Counting cordobas is a practice in staying present. A practice I sometimes find more difficult than my meditation practice some days. The thing about cordobas is they value 24 to the dollar, so you very quickly reach large amounts of money that you are regularly counting.
I can’t count quickly and accurately in Spanish, at least not up to high numbers. Perhaps someday. Let’s be real, I often don’t count quickly or accurately in English, either. I get distracted so easily during this task! Thoughts will intrude mid-count, or my ears will latch onto snatches of conversation occurring around me. Conversations in Spanish become harder to ignore the higher my comprehension level rises.
So I count and I practice. Each day at the start and end of my shift, I count and recount the cordobas. I train my mind to stay present on the number – in English, in Spanish, in the moment.
There’s nothing like walking a headstrong schnauzer to reflect back unsatisfying nature of desire.
This is Moses. He likes to enter the perpetually open doors of people’s home and businesses that line the shady side of the street during his daily walks. He LOVES to see other dogs, and will eagerly lead me towards one that is standing on the sidewalk in front of us, only to be distracted at the last minute by an interesting smelling telephone pole. Tambien, he will pull the leash stubbornly towards a recently urinated on bush, only to brush past it on arrival in favor of a corner of a building that smells even better.
Each time I see Moses chase and fulfill a desire, I see another desire take its place, resulting in him struggling against his leash from one destination to the next as we walk the streets of Granada. I can’t help but be reminded of the One Human Condition, in which we are ever striving for a point in the future, but rarely if ever are able to appreciate the moment when we get there.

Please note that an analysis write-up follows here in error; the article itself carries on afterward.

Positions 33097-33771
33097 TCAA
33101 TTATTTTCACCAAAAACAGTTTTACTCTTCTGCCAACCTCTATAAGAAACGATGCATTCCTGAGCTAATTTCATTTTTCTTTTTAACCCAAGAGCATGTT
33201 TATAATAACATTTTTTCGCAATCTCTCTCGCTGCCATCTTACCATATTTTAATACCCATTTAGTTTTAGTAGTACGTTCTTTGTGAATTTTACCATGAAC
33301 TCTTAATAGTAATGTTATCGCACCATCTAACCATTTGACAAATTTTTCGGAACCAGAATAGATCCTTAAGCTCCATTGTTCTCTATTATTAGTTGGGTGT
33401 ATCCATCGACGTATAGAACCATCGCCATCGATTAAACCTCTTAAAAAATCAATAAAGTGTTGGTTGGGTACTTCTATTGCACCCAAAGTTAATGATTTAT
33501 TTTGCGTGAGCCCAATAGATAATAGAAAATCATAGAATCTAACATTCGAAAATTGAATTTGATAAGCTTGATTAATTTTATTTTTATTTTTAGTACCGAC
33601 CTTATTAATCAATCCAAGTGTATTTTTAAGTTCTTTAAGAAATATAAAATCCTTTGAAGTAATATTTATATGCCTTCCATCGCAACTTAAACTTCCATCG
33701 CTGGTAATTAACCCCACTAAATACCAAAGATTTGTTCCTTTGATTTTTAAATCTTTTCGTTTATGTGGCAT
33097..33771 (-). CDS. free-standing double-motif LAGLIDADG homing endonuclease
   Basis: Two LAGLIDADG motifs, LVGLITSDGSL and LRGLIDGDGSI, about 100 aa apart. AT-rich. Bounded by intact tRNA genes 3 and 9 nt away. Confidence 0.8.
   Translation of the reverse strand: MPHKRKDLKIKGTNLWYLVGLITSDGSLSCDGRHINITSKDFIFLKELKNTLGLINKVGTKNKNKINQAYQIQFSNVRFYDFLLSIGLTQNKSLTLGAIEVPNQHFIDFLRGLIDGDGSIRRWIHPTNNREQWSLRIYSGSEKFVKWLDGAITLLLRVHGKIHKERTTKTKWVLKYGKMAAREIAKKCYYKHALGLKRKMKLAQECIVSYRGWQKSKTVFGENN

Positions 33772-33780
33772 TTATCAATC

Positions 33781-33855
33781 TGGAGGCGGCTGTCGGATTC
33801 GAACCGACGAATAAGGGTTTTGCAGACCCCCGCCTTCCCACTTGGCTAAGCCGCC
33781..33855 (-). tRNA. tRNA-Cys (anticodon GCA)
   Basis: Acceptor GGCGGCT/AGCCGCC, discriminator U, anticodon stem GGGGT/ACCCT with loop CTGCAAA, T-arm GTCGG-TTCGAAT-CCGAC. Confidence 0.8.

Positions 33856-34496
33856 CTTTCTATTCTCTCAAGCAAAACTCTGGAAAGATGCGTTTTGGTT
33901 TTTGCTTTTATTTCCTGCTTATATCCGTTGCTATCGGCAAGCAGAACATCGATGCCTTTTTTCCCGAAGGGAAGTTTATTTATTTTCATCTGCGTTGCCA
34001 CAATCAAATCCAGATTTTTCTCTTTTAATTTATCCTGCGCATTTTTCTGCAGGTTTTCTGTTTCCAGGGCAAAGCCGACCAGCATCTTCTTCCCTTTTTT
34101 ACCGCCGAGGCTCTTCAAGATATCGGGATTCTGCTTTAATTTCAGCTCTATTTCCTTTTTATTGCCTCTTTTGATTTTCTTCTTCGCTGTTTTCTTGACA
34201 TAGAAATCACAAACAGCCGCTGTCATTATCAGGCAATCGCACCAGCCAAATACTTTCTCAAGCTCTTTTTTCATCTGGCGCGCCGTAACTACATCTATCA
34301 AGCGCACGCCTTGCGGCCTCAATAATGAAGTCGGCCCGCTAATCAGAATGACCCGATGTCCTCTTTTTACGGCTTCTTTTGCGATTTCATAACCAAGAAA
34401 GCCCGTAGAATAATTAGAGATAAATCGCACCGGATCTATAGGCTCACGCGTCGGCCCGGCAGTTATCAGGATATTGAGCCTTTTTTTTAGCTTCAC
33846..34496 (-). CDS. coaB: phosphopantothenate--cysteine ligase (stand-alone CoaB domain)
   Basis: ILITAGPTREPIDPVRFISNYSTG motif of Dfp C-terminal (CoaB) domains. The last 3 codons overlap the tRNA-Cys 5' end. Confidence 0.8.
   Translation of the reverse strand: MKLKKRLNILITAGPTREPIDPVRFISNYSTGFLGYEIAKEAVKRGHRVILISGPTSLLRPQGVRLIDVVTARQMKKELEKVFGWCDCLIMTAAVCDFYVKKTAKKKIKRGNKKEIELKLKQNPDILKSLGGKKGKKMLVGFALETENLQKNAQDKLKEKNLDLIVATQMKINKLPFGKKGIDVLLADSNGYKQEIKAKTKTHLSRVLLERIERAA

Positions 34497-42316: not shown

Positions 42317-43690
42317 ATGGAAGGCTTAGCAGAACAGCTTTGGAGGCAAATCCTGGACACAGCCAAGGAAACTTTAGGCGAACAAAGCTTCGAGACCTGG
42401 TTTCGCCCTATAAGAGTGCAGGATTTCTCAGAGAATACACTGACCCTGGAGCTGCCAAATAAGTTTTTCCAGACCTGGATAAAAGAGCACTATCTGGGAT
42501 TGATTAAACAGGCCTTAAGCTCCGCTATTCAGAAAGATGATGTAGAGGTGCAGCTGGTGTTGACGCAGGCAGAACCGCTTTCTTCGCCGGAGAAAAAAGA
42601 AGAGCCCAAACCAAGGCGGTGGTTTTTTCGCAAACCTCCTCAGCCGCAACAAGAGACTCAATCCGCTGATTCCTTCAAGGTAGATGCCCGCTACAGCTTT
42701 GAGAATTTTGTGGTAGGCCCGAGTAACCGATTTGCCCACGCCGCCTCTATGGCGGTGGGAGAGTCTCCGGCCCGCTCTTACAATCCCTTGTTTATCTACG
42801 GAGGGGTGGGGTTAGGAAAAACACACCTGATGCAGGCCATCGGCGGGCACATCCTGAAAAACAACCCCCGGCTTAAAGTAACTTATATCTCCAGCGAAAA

I didn’t get what I wanted for my birthday this year. Not that I was waiting for a gift, but I felt let down by a particular person. This disappointment preoccupied me for much of the day. Michael Franti has a great line for situations like this,
“Wise folks count their blessings, fools count their problems.”
I was inundated with unexpected birthday blessings at every turn on my special day. Thoughtful messages poured in over the internet from friends and family in the States. I received sweet gifts and tender words from friends old and new here in Granada, and had many birthday wishes and surprises from very new acquaintances.
In a moment like this, it is important to remember what a choice happiness is. We have complete control over where we focus our attention. This is not to say that we don’t acknowledge feelings of sadness and disappointment. By all means, honor those feelings, allow them to move freely through you, but do not cling to them. It is in the clinging that our emotions manifest into physical ailments.
The sensitive yoga teacher in me feels this happening, and I take preventative measures by focusing on a hip-opening yoga practice, incorporating longer pranayam sessions prior to sweet seated meditations, and scheduling time for body work and reiki. I feel lucky to have so many tools for self care as I enter this next year of my life.
There is an opportunity for awareness and awakening in each of these seemingly mundane moments that make up our lives. I believe that the more we are able to sit in this light of awareness of our internal universe, the more we are able to connect to the One Human Condition. For that I have gratitude and hope as I begin a new year and continue my journey inward and onward.
Om Shanti Shanti